If that is their belief, what do you think the outcomes of care will be?

If that is their belief, what do you think the potential for the person with dementia is in ADLs, mobility, communication, and quality of life?

If that is their belief, what do you think their response to you and your teachings will be?

Current Common Paradigms
Let's look closer at each of these paradigms.

  • She has Alzheimer's . . . she can't do ANYTHING anymore.


My Comments: This is a totally false belief! When you perform the Allen assessment you are identifying remaining abilities. Their Allen Cognitive Level is a description of their remaining abilities. Abilities remain at EVERY stage of dementia. These abilities can be utilized in all activity, through the proper care approaches and activity modifications.

This false belief will likely lead to:

  •  
    • "Excess disability" for the vast majority of resident/patients.
    • Mental and physical inactivity which can cause contractures, loss of mobility, pressure sores, falls, weight loss, behavior issues, low self-esteem, greater burden on staff, TERRIBLE QUALITY OF LIFE . . .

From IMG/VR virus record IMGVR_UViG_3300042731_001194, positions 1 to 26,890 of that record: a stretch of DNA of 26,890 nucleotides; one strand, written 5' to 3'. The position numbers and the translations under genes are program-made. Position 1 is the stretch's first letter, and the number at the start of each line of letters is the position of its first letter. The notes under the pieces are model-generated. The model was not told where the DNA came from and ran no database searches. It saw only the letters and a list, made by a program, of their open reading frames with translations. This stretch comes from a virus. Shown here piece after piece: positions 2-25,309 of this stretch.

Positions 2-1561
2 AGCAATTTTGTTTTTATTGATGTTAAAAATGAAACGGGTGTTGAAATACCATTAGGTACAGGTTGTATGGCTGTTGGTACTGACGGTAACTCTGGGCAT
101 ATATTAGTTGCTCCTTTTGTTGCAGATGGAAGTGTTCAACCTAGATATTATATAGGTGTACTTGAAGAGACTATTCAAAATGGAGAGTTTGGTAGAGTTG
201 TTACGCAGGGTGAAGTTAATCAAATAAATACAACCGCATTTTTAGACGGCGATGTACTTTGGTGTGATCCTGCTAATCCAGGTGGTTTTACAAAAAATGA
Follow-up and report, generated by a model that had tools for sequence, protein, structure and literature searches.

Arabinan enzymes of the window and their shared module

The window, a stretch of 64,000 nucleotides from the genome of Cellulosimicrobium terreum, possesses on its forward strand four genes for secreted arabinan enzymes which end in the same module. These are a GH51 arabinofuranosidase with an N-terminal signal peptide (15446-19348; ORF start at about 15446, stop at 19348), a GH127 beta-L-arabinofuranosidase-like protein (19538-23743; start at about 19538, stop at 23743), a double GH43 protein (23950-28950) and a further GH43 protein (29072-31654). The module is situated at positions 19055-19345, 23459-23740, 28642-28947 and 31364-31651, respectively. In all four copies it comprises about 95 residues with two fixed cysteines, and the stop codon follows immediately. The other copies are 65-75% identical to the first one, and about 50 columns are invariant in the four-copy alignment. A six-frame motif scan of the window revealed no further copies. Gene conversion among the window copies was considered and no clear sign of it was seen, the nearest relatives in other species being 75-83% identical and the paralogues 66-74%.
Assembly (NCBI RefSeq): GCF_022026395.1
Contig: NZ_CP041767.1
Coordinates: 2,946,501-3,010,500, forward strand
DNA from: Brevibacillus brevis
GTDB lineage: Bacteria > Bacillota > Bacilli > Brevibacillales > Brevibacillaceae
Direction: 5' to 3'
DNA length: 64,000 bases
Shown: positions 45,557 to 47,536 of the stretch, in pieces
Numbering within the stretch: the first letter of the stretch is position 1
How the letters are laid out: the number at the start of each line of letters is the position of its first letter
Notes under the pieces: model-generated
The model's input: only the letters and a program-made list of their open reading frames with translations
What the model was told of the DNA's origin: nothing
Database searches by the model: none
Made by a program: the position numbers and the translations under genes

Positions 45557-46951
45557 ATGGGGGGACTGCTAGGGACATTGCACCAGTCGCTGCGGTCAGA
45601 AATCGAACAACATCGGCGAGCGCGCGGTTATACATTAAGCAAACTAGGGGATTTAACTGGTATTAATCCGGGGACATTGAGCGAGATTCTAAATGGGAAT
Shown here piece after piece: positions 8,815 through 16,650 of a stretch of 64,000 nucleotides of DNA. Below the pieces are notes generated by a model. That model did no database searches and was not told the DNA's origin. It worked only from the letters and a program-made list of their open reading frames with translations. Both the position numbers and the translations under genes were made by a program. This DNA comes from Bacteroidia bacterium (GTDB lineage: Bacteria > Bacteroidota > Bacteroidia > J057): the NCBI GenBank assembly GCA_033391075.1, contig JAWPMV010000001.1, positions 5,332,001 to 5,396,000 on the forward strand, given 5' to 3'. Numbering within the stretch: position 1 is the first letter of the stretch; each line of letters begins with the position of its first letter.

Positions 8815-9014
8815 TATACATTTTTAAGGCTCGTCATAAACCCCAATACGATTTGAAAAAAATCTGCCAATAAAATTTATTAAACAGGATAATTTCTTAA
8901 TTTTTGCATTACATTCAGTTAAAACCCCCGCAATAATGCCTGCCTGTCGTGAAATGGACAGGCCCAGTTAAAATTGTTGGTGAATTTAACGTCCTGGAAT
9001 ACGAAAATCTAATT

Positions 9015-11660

• She acts that way (hitting, cursing, resisting care, etc.) because she has Alzheimer's. That's just what happens.


My Comments: This is a totally false belief! Yes, a small percentage of behaviors are caused from chemical imbalances inside the brain and are difficult to reduce, even with medications. However, most of the behavior problems someone with Alzheimer's exhibits have a trigger. The behavior is communication. It has meaning. Just as a child throws a tantrum if tired or hungry or another basic need is not met, a person with Alzheimer's may decline in mood and have an outburst if over tired, frightened or in pain/discomfort.

 

This false belief will likely lead to:

    • Total disregard of the behavior with no attempts to understand or minimize—other than use of medications—which have many negative side effects that cause other problems.